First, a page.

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Update approved for Guernsey insolvency law

17 January 2020

Changes in Guernsey’s Insolvency Law have been approved by the island’s government, the States of Guernsey.

Amendments to the island’s 2008 Companies (Guernsey) Law will make Guernsey an even more desirable forum for insolvency proceedings, says Guernsey lawyer Alex Horsbrugh-Porter, Counsel at law firm Ogier.

"The new legislation is set to modernise Guernsey insolvency law, bringing the jurisdiction into line with not only the UK, but other offshore jurisdictions such as the British Virgin Islands and the Cayman Islands," he said.

The changes will affect all new liquidations and administrations and will come into force when regulations to that effect are made by the States Committee for Economic Development.

Mr Horsbrugh-Porter was among those who advised on the development of the new law through the pan-Channel Islands insolvency industry body ARIES.

"I believe that the necessary legislative tools are now in place to ensure that liquidators and administrators can quickly and efficiently gather in the assets of insolvent companies and return them to the creditors," he said.

Key developments include changes to voluntary winding up by company members; the power to demand documents and interview individuals; the power to disclaim; and the winding up of non-Guernsey companies.

"The new changes are to be welcomed and have shown that Guernsey is a modern progressive jurisdiction which is prepared to arm insolvency office holders with the necessary tools and powers to tackle, draw in and preserve the assets of an insolvent company for the benefit of creditors," Mr Horsbrugh-Porter continued.

"Former directors can no longer refuse to provide documents or answer questions and third parties that hold diverted company assets can now be more easily forced to return those assets.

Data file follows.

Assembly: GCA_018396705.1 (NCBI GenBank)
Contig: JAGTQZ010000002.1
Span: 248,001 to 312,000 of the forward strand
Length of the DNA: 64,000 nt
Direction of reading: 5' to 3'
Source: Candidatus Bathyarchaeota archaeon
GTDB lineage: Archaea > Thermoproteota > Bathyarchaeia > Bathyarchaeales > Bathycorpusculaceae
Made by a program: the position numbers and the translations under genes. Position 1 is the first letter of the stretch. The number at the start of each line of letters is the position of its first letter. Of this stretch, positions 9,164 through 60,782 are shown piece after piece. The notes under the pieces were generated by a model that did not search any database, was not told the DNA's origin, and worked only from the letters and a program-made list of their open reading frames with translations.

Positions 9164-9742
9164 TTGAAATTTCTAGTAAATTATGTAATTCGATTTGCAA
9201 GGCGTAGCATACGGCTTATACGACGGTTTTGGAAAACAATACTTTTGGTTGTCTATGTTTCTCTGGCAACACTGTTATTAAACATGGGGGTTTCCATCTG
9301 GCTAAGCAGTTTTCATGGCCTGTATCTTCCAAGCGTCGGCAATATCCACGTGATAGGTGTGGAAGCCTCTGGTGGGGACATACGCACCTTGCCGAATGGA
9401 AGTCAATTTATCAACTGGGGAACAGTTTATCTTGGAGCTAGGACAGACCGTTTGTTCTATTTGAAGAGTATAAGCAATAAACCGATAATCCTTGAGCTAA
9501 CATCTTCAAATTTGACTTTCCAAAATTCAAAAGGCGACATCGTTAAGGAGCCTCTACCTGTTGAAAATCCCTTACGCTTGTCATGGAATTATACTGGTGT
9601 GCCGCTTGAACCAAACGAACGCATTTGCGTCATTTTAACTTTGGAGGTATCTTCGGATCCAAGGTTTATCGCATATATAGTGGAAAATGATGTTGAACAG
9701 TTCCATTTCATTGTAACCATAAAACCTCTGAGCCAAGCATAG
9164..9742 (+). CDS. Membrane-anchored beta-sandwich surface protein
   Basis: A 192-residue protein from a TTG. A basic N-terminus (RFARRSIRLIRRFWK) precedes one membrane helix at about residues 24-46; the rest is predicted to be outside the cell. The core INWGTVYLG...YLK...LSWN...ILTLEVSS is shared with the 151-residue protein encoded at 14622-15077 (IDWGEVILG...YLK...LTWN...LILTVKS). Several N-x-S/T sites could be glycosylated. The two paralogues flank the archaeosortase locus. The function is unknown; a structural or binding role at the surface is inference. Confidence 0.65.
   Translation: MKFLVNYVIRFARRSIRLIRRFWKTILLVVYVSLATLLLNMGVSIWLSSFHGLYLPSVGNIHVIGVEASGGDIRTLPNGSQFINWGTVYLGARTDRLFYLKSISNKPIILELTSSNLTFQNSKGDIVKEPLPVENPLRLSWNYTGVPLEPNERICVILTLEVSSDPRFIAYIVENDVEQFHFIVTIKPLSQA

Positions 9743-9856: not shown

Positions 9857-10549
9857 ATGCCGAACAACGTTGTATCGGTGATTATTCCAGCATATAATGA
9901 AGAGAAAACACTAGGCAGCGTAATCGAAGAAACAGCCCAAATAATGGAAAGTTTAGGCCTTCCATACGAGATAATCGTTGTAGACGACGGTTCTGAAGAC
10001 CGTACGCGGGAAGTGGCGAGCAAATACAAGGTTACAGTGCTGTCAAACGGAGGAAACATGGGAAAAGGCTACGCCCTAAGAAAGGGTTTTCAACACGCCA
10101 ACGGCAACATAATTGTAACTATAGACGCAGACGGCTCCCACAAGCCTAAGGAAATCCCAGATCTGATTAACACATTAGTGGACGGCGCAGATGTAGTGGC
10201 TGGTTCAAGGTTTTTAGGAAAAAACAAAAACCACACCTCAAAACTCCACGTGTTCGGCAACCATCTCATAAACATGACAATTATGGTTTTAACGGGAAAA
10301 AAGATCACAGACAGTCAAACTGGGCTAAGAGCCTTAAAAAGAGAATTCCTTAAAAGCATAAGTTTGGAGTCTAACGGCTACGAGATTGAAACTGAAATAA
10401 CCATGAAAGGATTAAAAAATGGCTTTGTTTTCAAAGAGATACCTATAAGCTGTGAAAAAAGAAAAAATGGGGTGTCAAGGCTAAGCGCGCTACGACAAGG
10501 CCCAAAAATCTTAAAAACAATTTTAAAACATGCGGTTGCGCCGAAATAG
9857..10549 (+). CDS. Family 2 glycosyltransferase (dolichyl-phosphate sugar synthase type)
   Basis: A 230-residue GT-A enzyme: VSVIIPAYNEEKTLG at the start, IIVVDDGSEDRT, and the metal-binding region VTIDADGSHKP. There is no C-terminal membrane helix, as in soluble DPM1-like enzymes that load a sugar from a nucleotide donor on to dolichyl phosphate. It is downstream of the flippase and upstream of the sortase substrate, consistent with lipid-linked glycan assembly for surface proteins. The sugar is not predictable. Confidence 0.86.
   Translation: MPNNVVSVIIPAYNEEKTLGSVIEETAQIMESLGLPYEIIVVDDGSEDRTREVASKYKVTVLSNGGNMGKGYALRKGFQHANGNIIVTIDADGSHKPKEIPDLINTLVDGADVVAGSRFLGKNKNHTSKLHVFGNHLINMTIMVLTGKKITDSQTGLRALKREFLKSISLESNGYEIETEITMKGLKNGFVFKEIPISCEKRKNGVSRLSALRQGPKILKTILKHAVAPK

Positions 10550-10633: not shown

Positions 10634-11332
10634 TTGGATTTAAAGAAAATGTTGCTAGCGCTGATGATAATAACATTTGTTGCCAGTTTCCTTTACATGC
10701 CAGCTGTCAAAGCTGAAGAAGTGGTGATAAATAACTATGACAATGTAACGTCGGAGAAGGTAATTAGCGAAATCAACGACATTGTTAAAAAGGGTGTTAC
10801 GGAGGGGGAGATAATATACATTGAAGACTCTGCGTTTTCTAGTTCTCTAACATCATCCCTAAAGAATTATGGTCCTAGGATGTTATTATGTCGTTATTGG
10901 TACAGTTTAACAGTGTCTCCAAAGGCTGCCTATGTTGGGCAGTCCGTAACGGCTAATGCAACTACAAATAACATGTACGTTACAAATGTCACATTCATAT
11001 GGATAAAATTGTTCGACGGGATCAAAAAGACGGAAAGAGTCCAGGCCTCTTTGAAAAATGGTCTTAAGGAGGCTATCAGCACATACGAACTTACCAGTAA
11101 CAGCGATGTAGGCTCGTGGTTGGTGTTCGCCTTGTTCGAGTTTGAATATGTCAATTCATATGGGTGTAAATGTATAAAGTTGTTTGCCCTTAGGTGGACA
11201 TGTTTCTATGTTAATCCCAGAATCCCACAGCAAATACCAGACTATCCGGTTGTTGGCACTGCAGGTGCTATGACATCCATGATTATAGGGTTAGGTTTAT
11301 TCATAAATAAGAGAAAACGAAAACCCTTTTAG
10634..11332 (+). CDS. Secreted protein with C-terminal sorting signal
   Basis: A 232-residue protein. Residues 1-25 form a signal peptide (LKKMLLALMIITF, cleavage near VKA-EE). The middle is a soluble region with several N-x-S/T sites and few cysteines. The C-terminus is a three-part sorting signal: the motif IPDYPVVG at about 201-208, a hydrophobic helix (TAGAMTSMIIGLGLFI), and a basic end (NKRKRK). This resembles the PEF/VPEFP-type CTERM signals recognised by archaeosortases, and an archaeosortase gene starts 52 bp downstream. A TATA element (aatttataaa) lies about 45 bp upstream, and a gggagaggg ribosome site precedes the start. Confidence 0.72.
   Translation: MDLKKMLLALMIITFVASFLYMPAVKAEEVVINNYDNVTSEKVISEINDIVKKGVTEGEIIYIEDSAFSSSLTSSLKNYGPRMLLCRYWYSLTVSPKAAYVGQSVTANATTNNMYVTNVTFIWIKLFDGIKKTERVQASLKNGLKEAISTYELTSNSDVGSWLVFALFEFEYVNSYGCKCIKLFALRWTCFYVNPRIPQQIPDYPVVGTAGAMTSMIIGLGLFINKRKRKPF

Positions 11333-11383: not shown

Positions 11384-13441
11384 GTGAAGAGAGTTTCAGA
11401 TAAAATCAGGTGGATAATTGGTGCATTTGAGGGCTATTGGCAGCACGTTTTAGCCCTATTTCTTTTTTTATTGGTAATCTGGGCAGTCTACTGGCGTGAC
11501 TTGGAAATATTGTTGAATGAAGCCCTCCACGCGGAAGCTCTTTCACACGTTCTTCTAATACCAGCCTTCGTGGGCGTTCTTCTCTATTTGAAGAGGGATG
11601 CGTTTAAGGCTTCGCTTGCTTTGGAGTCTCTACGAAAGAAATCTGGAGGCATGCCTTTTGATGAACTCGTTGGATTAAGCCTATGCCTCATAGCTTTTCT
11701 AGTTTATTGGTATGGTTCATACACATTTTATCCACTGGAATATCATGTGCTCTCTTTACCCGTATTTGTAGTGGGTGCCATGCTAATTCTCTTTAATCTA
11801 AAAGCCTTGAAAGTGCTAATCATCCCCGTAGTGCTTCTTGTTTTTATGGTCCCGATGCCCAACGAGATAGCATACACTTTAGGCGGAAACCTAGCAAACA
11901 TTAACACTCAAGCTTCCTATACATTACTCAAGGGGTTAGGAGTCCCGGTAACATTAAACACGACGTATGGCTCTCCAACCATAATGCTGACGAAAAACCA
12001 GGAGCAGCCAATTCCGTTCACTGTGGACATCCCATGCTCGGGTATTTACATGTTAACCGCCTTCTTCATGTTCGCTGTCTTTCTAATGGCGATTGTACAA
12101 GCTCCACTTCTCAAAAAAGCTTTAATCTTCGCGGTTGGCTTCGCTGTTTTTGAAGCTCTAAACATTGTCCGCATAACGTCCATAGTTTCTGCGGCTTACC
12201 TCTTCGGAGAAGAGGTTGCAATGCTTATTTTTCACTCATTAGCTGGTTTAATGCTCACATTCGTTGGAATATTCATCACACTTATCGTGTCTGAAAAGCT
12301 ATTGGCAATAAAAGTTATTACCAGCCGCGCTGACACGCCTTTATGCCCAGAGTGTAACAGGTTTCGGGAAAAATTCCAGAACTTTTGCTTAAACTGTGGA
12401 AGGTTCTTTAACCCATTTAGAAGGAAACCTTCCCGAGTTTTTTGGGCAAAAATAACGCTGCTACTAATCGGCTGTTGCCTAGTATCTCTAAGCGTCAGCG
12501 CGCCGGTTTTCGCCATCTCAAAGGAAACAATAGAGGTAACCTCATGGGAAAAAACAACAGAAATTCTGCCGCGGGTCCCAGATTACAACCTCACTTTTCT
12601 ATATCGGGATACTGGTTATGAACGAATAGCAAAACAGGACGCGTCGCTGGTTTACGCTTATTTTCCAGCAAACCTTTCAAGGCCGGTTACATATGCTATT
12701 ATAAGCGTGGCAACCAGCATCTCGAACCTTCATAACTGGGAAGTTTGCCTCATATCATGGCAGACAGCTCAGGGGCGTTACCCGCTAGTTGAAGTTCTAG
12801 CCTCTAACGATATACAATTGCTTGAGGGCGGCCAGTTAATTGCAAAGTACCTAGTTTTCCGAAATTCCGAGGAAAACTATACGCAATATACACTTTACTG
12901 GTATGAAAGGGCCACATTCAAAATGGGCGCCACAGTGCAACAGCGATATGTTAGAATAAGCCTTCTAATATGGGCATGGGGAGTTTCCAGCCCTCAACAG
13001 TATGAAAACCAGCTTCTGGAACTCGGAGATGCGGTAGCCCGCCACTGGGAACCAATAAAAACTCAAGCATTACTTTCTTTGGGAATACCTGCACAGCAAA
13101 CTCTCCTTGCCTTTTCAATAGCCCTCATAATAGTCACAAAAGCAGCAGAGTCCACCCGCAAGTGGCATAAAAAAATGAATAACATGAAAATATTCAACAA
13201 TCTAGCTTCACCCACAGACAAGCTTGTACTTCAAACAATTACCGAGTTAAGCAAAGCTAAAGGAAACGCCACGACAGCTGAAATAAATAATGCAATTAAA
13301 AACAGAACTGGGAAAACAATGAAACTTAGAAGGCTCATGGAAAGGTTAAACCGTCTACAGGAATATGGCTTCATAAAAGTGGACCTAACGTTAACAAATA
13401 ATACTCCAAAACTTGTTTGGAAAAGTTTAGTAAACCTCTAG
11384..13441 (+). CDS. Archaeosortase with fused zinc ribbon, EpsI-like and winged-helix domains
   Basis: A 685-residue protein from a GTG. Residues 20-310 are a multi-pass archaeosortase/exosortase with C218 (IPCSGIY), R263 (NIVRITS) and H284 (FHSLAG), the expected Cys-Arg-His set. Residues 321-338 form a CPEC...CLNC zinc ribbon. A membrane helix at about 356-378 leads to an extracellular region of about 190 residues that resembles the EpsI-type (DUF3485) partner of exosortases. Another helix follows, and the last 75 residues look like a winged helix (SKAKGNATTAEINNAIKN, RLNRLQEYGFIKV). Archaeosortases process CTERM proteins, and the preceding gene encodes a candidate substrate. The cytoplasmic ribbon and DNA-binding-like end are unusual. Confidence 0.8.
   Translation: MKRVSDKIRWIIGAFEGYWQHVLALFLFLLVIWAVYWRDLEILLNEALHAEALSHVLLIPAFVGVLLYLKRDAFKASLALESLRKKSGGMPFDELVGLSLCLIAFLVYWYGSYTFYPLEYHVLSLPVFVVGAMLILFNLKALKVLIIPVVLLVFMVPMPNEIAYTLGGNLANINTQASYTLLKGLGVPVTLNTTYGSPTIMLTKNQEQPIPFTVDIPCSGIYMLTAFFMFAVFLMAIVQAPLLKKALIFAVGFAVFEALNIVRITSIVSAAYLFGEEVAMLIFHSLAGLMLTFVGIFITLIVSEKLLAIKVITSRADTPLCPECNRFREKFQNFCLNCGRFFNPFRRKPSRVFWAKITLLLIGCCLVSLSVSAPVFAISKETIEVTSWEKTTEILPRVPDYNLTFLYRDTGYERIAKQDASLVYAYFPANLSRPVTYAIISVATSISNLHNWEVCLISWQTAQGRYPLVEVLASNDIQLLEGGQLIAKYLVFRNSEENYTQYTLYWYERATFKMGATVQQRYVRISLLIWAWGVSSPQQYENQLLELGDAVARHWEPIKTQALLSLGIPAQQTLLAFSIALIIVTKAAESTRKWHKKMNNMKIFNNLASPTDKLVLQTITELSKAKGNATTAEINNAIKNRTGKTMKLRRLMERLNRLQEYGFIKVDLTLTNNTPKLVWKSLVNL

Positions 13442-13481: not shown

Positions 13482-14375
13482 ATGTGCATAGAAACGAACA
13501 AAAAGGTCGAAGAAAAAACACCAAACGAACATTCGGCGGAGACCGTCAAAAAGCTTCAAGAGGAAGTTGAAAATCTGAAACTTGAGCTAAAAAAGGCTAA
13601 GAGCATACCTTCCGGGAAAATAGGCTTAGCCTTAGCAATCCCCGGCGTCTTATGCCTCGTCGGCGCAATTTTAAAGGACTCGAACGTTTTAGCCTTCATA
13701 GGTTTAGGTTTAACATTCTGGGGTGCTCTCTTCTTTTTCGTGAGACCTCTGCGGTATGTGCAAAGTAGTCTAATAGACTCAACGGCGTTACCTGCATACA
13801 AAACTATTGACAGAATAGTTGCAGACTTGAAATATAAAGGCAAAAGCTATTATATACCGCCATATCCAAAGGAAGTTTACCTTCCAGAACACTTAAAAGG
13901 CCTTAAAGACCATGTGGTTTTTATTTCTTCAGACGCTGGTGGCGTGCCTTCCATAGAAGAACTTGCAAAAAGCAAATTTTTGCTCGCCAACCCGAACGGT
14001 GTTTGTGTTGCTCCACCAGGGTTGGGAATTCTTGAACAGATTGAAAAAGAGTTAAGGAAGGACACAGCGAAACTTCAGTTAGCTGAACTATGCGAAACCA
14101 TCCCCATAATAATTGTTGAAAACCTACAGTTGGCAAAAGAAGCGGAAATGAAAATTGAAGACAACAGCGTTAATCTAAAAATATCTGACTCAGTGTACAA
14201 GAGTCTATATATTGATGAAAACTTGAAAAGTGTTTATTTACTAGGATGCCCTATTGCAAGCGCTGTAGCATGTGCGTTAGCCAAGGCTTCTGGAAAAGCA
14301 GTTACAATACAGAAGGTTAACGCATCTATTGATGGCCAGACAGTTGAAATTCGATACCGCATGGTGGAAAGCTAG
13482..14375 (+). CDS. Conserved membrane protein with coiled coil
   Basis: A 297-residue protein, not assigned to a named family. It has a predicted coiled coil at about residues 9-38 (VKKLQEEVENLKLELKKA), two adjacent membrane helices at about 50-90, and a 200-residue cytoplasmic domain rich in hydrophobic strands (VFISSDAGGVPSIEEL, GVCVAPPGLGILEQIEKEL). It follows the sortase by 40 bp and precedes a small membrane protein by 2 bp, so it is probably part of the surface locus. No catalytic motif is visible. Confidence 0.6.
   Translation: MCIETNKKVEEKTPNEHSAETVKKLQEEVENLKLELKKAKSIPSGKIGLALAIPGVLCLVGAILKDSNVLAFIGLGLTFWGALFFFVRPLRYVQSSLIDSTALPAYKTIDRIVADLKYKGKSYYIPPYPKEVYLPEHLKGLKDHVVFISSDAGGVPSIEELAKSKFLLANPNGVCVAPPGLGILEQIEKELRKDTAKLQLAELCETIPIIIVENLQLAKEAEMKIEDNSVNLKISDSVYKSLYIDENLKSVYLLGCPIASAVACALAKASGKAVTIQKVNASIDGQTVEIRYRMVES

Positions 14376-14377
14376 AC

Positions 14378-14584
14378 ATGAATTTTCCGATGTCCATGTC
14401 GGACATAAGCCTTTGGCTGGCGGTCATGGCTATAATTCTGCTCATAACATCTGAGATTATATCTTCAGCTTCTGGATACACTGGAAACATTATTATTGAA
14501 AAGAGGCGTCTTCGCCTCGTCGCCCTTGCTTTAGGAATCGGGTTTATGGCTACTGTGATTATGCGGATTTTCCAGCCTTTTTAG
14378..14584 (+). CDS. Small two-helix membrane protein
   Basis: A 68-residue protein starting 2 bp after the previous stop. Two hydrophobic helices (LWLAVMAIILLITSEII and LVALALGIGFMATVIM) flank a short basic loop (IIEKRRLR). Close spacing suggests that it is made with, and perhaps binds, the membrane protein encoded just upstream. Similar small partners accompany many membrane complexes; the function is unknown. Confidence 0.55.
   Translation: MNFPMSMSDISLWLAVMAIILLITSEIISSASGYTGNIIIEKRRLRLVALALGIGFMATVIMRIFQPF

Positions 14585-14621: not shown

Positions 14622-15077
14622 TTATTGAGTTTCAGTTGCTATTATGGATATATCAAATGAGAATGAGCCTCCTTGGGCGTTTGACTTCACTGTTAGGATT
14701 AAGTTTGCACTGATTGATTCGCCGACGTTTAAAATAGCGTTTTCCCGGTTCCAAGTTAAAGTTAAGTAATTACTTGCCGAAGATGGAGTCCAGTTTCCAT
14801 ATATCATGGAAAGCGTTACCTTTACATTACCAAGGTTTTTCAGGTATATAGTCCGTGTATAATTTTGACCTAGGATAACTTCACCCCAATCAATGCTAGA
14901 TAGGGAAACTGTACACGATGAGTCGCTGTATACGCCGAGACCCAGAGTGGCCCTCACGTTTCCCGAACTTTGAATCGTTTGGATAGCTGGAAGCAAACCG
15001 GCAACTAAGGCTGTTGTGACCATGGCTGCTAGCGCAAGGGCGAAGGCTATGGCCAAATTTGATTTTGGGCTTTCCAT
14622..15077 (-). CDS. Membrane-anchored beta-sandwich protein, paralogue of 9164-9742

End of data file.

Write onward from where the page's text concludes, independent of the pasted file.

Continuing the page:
"Administrations are also likely to be cheaper as administrators can now distribute assets to secured and preferential creditors and then place the company straight into dissolution if there no further assets to distribute and liquidators can now rid themselves of unwanted contracts and property.

"All this will likely save money and preserve assets for creditors, and is a welcome and substantive change which finally brings Guernsey into line with many other Commonwealth jurisdictions."

Mr Horsbrugh-Porter has written about the new changes in greater detail at the Ogier website. The article can be found here.

The law changes have also been welcomed by other lawyers and insolvency practitioners.

Ben Rhodes, Director at Grant Thornton Channel Islands, said: "Clear and effective insolvency laws are essential for a modern economy. The changes to the insolvency law will provide certainty to those doing business in Guernsey or transacting with the jurisdiction and will further enhance our reputation as a leading specialist finance centre."

David Jones, Partner at law firm Carey Olsen and restructuring specialist, said: "It is increasingly important for Guernsey, as a jurisdiction, to demonstrate that it is capable and forward thinking in this area as levels of distress in certain markets increase."

A briefing from Carey Olsen can be found here:

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